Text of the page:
|Year : 2012 | Volume
| Issue : 2 | Page : 138-140
Abtracts from the current global literature Part - II: HIV and metabolic syndrome
Ankit H Bharti, Kiran Chotaliya, YS Marfatia
Department of Skin and V.D., Baroda Medical College, Raopura, Vadodara, Gujarat, India
|Date of Web Publication||9-Oct-2012|
Ankit H Bharti
Baroda Medical College, Raopura, Vadodara - 390 001, Gujarat
Source of Support: None, Conflict of Interest: None
|How to cite this article:|
Bharti AH, Chotaliya K, Marfatia Y S. Abtracts from the current global literature Part - II: HIV and metabolic syndrome. Indian J Sex Transm Dis 2012;33:138-40
|How to cite this URL:|
Bharti AH, Chotaliya K, Marfatia Y S. Abtracts from the current global literature Part - II: HIV and metabolic syndrome. Indian J Sex Transm Dis [serial online] 2012 [cited 2023 Nov 28];33:138-40. Available from: https://ijstd.org/text.asp?2012/33/2/138/102132
Relationship between younger age, autoimmunity, Cardio-metabolic risk, Oxidative stress, HAART, and ischemic stroke in Africans with HIV/AIDS.
Longo-Mbenza B, Longokolo Mashi M, Lelo Tshikwela M.et al. ISRN Cardiology, Volume 2011, Article ID 897908
Background and Purpose: It now appears clear that both HIV/AIDS and antiretroviral therapy (HAART) use are associated with higher risk of cardiovascular disease such as stroke. In this study, we evaluated the prevalence, the risk factors, and the cardio-metabolic co-morbidities of stroke in HIV/AIDS Central African patients. Materials and Methods: This hospital-based cross-sectional study collected clinical, laboratory, and imaging data of black Central African heterosexual, intravenous drug nonuser, and HIV/AIDS patients. Results: There were 54 men and 62 women, with a female to male ratio of 1.2: 1. All were defined by hyper-coagulability and oxidative stress. Hemorrhagic stroke was reported in one patient, ischemic stroke in 17 patients, and all stroke subtypes in 18 patients (15%). Younger age <45 years (P = .003), autoimmunity (P < .0001), and metabolic syndrome defined by IDF criteria (P < .0001) were associated with ischemic stroke. Conclusions: Clustering of several cardio-metabolic factors, autoimmunity, oxidative stress, and lifestyle changes may explain accelerated atherosclerosis and high risk of stroke in these young black Africans with HIV/AIDS. Prevention and intervention programs are needed.
HIV medications: an update and review of metabolic complications.
Hester EK. Nutrition in Clinical Practice. 2012 Feb;27(1):51-64.
In the past 30 years, medical advances for those with human immunodeficiency virus (HIV) have reduced morbidity and mortality, to extend life with highly active antiretroviral therapy (HAART) and with the continued development of new therapies. With this success, HIV is being managed chronically, but other health issues of an aging HIV-infected population have emerged. The challenges of treating HIV infection have shifted from AIDS-related mortality improvements to drug-induced disease from HAART, including cardiovascular disease, metabolic disorders, and bone health. Prolonged use of antiretroviral therapy maintaining immune restoration appears to represent additional, ongoing risk factors for the development of these metabolic complications. These drug-related problems continue to challenge patients and clinicians in the management of HIV disease, as well as ongoing research for drug development improvements to minimize these risks. These health risks imposed by HAART must be vigilantly monitored and aggressively addressed to improve the overall health of those treated for HIV infection.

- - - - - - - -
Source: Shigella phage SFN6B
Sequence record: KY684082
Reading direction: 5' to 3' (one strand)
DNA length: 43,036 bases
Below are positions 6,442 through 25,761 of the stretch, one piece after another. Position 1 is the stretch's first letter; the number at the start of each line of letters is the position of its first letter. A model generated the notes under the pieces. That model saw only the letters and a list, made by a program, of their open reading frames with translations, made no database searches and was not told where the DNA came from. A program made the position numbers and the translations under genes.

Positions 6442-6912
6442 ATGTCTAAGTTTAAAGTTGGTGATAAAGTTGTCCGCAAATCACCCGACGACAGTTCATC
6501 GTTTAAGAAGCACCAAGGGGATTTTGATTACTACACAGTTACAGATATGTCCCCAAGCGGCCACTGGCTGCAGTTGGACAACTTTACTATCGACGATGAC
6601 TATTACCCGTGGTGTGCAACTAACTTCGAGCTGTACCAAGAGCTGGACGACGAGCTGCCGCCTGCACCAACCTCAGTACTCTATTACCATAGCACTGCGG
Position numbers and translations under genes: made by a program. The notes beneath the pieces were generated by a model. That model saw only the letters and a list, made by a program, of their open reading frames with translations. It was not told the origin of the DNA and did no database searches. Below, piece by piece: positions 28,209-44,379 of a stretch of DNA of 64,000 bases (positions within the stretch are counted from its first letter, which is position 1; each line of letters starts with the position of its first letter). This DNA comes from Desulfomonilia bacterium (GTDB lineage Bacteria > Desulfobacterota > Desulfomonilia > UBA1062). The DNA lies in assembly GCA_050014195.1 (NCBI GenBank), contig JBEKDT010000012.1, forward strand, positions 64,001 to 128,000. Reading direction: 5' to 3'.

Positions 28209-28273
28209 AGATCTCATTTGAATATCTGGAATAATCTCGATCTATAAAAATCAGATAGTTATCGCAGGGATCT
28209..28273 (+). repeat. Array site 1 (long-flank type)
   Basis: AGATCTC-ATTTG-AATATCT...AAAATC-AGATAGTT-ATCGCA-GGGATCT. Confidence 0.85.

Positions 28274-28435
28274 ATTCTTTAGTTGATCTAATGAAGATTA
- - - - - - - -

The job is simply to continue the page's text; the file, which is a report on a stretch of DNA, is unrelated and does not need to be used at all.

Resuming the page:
Myocardial infarction risk in HIV-infected patients: epidemiology, pathogenesis, and clinical management
Calza, Leonardo; Manfredi, Roberto; Verucchi, Gabriella. AIDS: 27 March 2010. Vol24(6) p789-802
Atherosclerosis in HIV-positive patients is clearly multifactorial in origin and ensues from traditional cardiac risk factors, HIV itself, and antiretroviral therapy. However, the absolute risk of cardiovascular events among HIV-infected patients remains low and must be balanced against the remarkable benefits from HAART in terms of improvement in immune function and related morbidity and mortality.
Maintaining virological suppression should be considered still today the main concern in HIV-infected patients treated with HAART, because short-term rates of cardiovascular complications remain quite low and are significantly lower than death rates for AIDS-related conditions in patients with virological failure and immunological impairment. However, HIV and HAART should be routinely considered among the more traditional risk factors in assessing a patient for coronary heart disease, and a more aggressive intervention to reduce cardiac risk factors in persons with HIV infection is mandatory today.